We set off for Spil Mountain National Park at noon. Actually, we intended to see Manisa, the city of sultans, from the observation point, to visit the national park and to see wild horses. We were told that wild horses generally wander as a herd, and that they come to Sülüklü Lake to drink water everyday at 12 p.m. After they drink, the horses head towards the “horse path.” Moving forward, not knowing if we will be able to see those horses, we came across those wild animals at a hillside of Spil Mountain somewhere near the national park. If you observe them from a distance, they seem to be harmless. But if you want to approach to them, they can respond unpredictably. If you want to watch them more closely, you may ask one of the staff of national park.
Fresh mountain air and medicinal herbs
The signs indicating Spil Mountain National Park are there as you leave from Manisa city center. You can tell this is a mountain road because you will come across red pine trees. The colors of the pine trees grow darker as you climb. Torch pines, bay trees and oaks welcome us on both sides of the road. When we open the window, fresh mountain air rich in oxygen fills the inside of the car and, inevitably, our ears get stopped up. We get accustomed to the mountain air as we move away from city center and arrive at Spil.
You need to wear warm clothes if you want to have a walk in the national park. Almost 70 species of medicinal herbs grow here. It is, however, not possible to find them so easily. And of course we can’t leave out the Manisa tulip and many other flowers such as hyacinth, crocus, dianthus, violet, daisy and poppy. In addition, there are attractive alternative activities in the national park such as mountain climbing, paragliding and camping.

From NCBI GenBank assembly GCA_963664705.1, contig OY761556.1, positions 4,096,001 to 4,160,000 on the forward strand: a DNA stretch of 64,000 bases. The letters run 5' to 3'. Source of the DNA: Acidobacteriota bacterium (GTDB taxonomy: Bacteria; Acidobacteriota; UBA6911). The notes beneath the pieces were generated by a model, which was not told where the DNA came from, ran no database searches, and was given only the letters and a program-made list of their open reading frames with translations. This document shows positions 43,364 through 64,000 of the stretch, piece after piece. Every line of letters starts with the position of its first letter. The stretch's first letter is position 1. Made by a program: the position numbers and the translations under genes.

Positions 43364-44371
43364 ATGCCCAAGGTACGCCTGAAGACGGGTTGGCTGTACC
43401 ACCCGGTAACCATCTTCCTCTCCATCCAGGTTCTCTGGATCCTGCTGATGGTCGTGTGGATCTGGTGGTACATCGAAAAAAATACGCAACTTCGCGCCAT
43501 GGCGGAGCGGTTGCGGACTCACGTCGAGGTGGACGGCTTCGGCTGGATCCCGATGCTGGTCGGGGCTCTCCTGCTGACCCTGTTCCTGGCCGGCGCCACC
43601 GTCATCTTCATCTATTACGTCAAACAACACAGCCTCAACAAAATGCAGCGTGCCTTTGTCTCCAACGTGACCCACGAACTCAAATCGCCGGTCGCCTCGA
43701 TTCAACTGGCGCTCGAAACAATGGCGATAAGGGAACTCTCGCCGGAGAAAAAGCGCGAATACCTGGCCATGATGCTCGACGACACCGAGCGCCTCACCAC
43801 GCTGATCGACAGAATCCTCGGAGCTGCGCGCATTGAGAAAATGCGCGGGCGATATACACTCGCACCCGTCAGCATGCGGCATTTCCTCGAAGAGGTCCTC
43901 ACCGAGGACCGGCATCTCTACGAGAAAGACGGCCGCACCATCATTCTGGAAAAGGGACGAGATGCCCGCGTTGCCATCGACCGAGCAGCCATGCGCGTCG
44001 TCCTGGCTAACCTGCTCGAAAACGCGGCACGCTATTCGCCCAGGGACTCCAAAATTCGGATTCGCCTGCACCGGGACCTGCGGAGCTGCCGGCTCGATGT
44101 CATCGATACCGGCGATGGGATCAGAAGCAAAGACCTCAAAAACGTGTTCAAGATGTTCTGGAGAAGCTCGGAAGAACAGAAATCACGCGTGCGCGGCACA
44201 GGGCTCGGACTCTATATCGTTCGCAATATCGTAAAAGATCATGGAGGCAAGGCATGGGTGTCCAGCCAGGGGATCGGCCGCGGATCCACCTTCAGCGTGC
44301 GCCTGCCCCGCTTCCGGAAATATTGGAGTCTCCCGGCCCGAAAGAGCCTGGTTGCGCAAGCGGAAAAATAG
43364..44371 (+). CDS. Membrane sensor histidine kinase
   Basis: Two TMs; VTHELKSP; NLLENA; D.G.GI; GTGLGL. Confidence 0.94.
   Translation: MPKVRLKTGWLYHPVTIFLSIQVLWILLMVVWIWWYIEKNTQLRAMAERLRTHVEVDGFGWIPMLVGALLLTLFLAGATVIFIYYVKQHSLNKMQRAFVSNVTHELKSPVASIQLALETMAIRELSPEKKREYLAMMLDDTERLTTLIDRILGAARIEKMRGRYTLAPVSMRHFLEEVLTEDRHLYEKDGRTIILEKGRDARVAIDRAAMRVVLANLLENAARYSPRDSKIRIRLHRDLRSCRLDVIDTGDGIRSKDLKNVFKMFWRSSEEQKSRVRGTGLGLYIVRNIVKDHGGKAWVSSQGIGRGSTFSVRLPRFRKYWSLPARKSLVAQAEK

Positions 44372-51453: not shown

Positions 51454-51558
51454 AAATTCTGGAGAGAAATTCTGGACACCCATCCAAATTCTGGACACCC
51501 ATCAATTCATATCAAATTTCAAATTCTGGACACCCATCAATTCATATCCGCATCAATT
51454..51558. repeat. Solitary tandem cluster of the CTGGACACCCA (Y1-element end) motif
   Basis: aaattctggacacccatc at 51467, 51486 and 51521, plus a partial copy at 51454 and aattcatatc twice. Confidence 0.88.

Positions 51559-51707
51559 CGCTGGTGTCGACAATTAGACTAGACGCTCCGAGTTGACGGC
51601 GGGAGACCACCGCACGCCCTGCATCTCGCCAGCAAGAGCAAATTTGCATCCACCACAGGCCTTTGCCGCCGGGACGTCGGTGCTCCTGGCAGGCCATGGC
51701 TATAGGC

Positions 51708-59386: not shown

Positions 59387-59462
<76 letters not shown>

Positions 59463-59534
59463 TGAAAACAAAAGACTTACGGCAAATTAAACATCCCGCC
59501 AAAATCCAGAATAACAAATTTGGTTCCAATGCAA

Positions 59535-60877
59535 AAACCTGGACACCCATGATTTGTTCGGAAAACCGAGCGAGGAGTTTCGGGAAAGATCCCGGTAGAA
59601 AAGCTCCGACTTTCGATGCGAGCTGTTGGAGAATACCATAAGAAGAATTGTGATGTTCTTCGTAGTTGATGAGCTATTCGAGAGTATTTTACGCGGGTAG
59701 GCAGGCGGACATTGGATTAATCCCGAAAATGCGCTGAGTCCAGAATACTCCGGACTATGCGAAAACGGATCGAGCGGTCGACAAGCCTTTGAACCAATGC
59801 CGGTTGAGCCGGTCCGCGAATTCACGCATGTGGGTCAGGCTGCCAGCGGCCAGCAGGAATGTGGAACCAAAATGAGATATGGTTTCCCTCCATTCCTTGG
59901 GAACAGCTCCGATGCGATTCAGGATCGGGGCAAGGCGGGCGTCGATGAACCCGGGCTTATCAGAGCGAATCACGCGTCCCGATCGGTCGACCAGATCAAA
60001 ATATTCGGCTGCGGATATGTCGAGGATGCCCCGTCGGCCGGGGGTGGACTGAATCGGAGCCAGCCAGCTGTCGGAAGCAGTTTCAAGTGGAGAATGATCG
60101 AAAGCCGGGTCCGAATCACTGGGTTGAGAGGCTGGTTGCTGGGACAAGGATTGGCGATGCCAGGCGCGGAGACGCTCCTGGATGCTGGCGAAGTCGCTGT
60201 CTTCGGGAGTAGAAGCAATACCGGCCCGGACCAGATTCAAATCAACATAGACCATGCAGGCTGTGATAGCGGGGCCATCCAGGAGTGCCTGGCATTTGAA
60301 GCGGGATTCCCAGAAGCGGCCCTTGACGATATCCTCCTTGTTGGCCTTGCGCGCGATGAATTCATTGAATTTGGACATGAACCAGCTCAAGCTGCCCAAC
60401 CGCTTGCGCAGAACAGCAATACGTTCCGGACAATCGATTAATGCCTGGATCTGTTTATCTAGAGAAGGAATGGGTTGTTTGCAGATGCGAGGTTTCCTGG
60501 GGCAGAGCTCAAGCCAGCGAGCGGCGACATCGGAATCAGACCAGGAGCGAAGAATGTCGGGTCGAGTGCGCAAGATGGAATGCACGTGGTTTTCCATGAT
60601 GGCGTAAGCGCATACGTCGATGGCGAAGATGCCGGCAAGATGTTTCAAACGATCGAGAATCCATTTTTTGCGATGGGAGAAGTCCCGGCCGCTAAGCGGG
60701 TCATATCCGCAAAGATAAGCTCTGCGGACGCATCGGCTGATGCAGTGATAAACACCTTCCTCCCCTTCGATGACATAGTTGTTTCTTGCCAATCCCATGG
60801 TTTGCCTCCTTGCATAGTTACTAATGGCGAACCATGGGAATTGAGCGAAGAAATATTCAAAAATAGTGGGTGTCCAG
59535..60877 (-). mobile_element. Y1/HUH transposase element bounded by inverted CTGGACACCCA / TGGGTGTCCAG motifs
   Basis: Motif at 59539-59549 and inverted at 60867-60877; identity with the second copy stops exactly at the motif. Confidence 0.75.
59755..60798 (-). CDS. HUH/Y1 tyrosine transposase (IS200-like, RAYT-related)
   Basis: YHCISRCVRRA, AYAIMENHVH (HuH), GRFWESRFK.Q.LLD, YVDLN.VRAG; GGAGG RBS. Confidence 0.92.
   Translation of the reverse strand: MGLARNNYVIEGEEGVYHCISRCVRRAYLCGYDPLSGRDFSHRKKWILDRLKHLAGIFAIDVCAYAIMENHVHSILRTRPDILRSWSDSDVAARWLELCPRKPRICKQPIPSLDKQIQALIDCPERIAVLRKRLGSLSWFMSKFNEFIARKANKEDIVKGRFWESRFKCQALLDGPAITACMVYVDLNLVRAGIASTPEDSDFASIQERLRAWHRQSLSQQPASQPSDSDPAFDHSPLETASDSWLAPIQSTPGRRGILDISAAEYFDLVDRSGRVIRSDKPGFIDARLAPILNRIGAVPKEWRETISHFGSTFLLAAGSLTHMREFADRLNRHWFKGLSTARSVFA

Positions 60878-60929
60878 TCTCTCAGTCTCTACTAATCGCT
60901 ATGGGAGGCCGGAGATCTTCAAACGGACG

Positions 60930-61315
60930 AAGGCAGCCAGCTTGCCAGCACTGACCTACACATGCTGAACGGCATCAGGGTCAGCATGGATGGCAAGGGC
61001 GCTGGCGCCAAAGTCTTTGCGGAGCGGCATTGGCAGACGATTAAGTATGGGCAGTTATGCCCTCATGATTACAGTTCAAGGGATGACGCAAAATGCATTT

Spil is good for taking a vacation in any season
Spil Mountain National Park is a good vacation destination for those who like cold and cool weather. You may overnight here for as long as you wish or you may opt for making a one-day trip and have a picnic here. The Manisa Directorate of Environment and Forestry runs a facility that boasts bungalows which resemble huts. The various items that a family may need during their vacation are available in the houses. Among the various bungalows with the capacity of four, five, six or eight people, you may select the one most suited for you. There are 25 houses as a total. By the way, it should be noted that food and beverages are not included. You need to cook for yourself. Besides, separate areas are allocated for tent camping and mobile home camping inside the national park. You need to make a reservation in advance to make use of these facilities.
Tariff in National park
Price for a four-person house TL 60 weekdays; TL 67 weekends
Price for a five-person house TL 50 weekdays; TL 55 weekends
Price for a six-person house TL 72 weekdays; TL 83 weekends
Price for a eight-person house TL 88 weekdays; TL 100 weekends
For reservations call
(0236) 237 10 61 / 62-63-64-65
Entrance fees for one-day picnic are as follows:
TL 7 for cars
TL 20 for small minibuses
TL 30 for big minibuses
TL 40 for buses
TL 15 daily for tent area
How to get to Spil Mountain National Park
From the city center of Manisa, Spil Mountain National Park is at a distance 24 kilometers, and it is possible to reach it in 40 minutes by driving a winding asphalt road. The distance between İzmir province and the national park is 38 kilometers. If you leave from İzmir, you should take the İzmir-Ankara highway and then follow signs that say Sütçüler village.